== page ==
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Lecture 21: Image Sensors (69)

does splitting the ray into 4 affect its radiance and thus require some further processing after reaching the pixel?


how do you guarantee that each split ray will perfectly align into a pixel?


Based on the example image of Calcite's effect on light, the split rays do not appear to be an exact copy nor have the same intensity as the initial image. Why would this not cause other clarity issues with the image despite removing aliasing?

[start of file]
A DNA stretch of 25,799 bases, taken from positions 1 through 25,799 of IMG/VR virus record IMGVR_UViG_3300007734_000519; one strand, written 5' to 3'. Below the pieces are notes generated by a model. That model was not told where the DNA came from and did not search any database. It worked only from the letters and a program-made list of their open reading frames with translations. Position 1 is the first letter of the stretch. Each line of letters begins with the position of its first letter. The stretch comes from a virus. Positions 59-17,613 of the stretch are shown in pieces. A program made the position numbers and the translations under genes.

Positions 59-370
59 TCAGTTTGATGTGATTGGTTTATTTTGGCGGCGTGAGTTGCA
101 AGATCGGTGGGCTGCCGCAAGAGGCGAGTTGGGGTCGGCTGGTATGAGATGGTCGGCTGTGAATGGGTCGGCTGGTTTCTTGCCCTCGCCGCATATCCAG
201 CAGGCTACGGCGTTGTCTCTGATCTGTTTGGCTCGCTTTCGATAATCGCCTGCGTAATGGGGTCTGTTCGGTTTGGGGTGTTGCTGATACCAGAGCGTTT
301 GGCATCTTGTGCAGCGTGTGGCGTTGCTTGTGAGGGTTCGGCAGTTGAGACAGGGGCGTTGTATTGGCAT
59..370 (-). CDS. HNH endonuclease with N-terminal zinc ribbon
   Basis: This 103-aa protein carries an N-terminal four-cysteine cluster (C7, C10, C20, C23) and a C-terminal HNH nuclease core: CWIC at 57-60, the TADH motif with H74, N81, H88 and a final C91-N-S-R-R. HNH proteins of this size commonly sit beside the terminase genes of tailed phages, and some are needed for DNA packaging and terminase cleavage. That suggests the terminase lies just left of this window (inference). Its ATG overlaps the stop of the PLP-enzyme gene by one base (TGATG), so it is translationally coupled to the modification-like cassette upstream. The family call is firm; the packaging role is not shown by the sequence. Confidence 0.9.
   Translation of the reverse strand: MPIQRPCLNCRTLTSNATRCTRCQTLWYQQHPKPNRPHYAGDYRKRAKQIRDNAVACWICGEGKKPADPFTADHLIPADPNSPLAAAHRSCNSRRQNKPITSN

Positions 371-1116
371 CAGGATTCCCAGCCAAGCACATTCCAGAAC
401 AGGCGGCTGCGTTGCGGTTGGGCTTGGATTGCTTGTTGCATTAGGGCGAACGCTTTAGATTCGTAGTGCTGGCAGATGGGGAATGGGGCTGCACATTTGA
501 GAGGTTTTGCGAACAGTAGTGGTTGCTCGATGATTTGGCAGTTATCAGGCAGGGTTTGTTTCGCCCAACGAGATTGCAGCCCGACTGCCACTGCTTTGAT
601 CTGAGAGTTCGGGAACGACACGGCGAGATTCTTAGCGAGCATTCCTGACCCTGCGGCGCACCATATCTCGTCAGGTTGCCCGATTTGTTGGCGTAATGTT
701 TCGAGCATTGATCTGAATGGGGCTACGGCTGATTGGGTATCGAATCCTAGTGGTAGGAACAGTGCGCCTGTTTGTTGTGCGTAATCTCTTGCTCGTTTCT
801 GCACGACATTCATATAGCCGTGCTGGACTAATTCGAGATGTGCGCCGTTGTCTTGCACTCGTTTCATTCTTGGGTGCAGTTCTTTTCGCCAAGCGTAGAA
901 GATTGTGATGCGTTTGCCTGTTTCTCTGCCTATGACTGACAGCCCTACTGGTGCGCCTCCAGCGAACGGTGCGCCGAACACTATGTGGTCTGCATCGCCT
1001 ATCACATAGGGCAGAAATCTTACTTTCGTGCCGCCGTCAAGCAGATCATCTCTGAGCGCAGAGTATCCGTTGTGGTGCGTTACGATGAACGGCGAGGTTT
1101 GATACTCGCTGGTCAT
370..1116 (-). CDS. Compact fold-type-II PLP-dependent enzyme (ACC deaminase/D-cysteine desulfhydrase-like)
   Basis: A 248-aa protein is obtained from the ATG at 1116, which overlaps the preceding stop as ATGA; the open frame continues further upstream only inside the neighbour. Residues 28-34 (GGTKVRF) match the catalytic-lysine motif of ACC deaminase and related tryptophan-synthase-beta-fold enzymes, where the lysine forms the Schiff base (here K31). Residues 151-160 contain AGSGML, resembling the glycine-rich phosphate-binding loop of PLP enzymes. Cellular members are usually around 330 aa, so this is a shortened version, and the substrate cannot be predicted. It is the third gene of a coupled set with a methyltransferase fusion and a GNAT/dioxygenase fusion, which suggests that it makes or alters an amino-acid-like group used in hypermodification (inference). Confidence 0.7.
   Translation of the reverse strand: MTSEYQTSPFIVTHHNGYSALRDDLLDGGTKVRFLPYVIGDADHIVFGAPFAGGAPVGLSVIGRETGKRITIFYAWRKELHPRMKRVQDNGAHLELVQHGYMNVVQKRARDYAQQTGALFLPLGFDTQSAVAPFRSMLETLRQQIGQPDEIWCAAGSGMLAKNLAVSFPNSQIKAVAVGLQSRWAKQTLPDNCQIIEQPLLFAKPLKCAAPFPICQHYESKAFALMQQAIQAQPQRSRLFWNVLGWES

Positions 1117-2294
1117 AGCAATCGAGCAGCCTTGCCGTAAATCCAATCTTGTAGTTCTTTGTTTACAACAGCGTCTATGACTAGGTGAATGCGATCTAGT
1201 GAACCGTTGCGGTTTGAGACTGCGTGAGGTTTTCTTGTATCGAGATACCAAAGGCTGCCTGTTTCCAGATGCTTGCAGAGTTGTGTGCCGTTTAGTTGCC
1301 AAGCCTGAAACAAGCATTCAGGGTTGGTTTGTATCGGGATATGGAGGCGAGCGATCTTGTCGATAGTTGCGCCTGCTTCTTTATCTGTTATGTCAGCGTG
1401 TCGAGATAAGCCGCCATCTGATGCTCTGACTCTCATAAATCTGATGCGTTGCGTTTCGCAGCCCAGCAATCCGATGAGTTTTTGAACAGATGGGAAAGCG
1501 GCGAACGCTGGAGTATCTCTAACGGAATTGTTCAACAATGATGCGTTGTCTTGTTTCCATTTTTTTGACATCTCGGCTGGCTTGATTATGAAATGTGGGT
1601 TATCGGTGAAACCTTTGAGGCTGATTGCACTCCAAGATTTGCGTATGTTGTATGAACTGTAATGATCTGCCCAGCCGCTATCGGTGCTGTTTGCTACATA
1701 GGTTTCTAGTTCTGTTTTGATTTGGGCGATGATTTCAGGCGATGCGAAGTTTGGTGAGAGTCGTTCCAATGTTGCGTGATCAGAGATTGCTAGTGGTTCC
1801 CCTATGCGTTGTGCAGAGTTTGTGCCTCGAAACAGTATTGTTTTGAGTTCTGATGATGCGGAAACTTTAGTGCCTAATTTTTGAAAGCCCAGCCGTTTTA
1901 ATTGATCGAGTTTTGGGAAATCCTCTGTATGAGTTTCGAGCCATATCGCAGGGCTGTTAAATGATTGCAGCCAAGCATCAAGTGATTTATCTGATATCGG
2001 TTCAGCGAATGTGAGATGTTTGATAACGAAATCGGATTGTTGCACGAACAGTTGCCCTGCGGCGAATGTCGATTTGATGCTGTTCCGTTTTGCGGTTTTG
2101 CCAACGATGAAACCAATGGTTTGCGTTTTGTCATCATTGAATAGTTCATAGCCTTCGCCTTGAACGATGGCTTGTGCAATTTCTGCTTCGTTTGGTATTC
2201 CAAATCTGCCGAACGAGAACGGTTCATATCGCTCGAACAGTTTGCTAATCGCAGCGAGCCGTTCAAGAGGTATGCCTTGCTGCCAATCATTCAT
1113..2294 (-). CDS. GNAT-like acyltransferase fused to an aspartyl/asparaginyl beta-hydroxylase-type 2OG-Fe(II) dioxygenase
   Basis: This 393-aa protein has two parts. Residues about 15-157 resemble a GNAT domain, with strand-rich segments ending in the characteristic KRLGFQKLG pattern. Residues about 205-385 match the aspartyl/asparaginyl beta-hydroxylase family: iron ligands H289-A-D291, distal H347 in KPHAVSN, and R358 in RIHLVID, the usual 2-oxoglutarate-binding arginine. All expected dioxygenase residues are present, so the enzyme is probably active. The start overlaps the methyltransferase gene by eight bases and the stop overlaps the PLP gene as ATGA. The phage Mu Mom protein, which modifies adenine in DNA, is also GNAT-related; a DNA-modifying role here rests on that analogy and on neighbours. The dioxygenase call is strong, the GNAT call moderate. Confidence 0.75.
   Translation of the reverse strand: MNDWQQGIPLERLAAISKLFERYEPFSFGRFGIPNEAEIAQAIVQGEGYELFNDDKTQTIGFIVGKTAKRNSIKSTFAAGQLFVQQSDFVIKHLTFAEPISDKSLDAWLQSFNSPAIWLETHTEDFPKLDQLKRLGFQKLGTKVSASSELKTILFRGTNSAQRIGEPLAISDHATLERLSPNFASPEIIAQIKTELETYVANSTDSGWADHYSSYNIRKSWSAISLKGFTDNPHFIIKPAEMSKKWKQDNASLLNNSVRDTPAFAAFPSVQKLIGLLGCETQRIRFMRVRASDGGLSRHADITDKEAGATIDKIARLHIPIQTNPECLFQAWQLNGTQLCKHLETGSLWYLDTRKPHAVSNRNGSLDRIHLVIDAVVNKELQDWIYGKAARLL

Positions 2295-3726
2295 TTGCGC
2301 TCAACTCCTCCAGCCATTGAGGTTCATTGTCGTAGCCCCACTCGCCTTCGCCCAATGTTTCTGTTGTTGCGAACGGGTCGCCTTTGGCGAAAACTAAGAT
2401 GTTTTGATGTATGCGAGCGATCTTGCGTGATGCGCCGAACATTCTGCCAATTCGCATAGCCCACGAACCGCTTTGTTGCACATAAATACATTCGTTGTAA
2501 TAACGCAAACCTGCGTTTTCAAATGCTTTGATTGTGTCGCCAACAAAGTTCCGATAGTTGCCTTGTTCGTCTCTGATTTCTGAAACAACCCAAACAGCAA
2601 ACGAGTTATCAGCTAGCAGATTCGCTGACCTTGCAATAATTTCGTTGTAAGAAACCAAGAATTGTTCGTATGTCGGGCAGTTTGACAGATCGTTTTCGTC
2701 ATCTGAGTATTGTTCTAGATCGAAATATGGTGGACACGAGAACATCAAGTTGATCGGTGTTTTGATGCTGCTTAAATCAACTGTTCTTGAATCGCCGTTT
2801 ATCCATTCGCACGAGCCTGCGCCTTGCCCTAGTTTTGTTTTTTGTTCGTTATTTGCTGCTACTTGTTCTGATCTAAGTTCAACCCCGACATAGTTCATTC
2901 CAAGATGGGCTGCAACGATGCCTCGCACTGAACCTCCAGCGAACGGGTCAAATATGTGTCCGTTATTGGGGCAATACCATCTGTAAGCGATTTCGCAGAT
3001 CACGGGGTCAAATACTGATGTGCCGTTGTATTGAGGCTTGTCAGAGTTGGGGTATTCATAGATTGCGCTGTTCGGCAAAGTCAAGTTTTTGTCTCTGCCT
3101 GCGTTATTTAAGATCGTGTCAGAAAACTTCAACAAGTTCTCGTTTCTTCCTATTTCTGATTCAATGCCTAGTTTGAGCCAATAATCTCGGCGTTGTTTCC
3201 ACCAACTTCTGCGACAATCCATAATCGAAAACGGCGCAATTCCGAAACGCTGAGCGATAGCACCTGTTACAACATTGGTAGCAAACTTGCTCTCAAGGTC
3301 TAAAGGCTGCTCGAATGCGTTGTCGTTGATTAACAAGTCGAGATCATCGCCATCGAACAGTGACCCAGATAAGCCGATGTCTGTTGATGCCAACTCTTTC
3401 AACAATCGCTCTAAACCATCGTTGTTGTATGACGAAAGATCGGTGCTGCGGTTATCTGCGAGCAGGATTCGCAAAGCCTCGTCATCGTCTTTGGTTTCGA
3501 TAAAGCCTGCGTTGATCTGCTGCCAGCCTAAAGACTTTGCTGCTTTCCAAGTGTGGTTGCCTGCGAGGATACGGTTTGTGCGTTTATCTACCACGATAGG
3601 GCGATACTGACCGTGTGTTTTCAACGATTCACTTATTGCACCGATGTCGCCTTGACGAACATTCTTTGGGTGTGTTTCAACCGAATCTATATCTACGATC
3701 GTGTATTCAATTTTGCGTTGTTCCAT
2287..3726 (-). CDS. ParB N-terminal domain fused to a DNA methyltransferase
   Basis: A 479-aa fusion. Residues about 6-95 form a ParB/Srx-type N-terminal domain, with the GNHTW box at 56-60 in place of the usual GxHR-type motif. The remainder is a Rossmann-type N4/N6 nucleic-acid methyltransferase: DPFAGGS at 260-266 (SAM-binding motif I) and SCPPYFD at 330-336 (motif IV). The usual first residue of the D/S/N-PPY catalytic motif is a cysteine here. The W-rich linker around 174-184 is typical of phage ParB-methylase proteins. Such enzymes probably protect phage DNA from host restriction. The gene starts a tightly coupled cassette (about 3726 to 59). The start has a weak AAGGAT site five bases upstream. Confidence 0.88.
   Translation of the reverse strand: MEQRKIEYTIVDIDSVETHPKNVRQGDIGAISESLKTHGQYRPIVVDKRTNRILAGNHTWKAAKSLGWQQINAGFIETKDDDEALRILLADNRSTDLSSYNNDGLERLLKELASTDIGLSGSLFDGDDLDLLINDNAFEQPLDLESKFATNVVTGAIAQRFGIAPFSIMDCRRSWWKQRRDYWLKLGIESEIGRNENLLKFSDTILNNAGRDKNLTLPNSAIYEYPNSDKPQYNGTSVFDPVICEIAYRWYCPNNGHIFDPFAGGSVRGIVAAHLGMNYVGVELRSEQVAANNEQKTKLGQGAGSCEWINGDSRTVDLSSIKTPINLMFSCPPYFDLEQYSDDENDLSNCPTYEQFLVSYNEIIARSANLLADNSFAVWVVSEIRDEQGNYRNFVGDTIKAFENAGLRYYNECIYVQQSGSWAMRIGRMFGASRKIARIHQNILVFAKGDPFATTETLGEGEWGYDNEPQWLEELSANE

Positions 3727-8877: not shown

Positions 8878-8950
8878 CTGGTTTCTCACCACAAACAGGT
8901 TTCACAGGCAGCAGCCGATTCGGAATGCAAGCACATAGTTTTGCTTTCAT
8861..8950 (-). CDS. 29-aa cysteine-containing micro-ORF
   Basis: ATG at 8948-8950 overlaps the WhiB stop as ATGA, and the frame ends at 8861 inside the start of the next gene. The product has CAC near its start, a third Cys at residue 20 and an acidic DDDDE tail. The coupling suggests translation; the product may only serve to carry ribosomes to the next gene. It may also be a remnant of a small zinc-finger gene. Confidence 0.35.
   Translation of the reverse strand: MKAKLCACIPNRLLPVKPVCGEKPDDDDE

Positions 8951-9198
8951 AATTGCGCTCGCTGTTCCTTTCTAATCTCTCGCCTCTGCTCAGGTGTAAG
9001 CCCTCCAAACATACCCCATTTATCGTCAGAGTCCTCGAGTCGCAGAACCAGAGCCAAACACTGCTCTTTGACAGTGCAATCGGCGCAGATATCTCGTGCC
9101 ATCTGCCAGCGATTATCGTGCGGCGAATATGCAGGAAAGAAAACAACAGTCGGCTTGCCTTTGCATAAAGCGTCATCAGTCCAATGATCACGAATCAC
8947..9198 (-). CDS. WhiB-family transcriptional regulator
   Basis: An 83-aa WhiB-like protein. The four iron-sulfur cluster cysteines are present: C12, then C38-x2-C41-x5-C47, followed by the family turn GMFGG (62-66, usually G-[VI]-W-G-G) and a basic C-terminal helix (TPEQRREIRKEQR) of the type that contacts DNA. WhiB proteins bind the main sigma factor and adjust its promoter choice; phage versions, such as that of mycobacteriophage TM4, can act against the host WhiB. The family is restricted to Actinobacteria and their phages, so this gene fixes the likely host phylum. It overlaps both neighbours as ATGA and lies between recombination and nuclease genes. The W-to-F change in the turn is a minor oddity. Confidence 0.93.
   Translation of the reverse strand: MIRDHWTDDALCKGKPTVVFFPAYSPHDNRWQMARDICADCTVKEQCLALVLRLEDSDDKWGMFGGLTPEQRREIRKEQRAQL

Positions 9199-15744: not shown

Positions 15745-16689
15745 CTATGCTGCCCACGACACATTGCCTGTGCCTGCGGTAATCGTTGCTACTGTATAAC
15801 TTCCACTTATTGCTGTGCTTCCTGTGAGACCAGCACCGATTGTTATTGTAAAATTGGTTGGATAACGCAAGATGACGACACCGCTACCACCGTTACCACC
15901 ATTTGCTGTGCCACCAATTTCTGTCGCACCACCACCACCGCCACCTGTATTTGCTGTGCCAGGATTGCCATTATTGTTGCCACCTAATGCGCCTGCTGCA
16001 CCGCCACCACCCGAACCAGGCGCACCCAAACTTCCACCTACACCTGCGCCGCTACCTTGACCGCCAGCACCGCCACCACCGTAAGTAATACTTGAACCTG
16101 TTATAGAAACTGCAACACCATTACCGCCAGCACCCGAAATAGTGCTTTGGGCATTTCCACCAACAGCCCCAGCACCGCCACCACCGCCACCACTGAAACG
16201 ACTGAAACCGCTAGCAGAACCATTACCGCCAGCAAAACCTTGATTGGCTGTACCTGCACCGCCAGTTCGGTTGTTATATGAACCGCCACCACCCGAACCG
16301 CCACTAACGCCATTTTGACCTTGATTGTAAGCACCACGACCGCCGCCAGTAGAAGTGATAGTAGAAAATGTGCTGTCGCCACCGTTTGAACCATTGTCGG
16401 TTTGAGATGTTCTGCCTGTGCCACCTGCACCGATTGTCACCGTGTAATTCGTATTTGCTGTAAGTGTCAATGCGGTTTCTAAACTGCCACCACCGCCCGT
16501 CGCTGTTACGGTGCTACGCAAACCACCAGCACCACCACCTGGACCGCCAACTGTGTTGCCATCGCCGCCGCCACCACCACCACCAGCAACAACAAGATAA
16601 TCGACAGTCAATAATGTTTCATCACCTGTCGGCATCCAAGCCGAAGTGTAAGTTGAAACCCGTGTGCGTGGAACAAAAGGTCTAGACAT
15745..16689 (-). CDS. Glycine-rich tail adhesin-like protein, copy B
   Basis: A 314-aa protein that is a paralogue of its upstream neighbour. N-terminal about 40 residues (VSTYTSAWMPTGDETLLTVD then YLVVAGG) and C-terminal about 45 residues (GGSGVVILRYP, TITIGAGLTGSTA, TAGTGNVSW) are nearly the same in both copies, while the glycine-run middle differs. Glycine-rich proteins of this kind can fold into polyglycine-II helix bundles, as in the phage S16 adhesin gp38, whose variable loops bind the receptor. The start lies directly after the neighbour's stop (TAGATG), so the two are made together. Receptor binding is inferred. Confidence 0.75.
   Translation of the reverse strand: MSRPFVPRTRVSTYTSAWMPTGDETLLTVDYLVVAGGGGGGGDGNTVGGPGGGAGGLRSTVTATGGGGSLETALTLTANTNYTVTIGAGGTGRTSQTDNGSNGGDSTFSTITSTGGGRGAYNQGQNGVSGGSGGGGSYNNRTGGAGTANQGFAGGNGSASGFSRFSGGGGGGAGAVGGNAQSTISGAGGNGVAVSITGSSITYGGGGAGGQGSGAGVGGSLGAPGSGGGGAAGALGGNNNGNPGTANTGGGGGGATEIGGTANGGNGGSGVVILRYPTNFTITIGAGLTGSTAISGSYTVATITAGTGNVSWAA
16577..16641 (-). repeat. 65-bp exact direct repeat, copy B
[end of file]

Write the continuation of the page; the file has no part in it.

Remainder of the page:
@Arjun I imagine that is a propety of the material itself (ie a ray coming in at the same direction will more or less always split up into rays going in a certain other direction). This is kind of like how we can assume a prism will work and split up the different colors the same way each time. If we wanted to capture each color, we could do so with a prism by manufacturing the prism so each color we are concerned about goes to a certain pixel. I imagine that it is the same for this birefringent material.


Wouldn't introducing another layer of material like this introduce additional aberrations and error/noise in our image?

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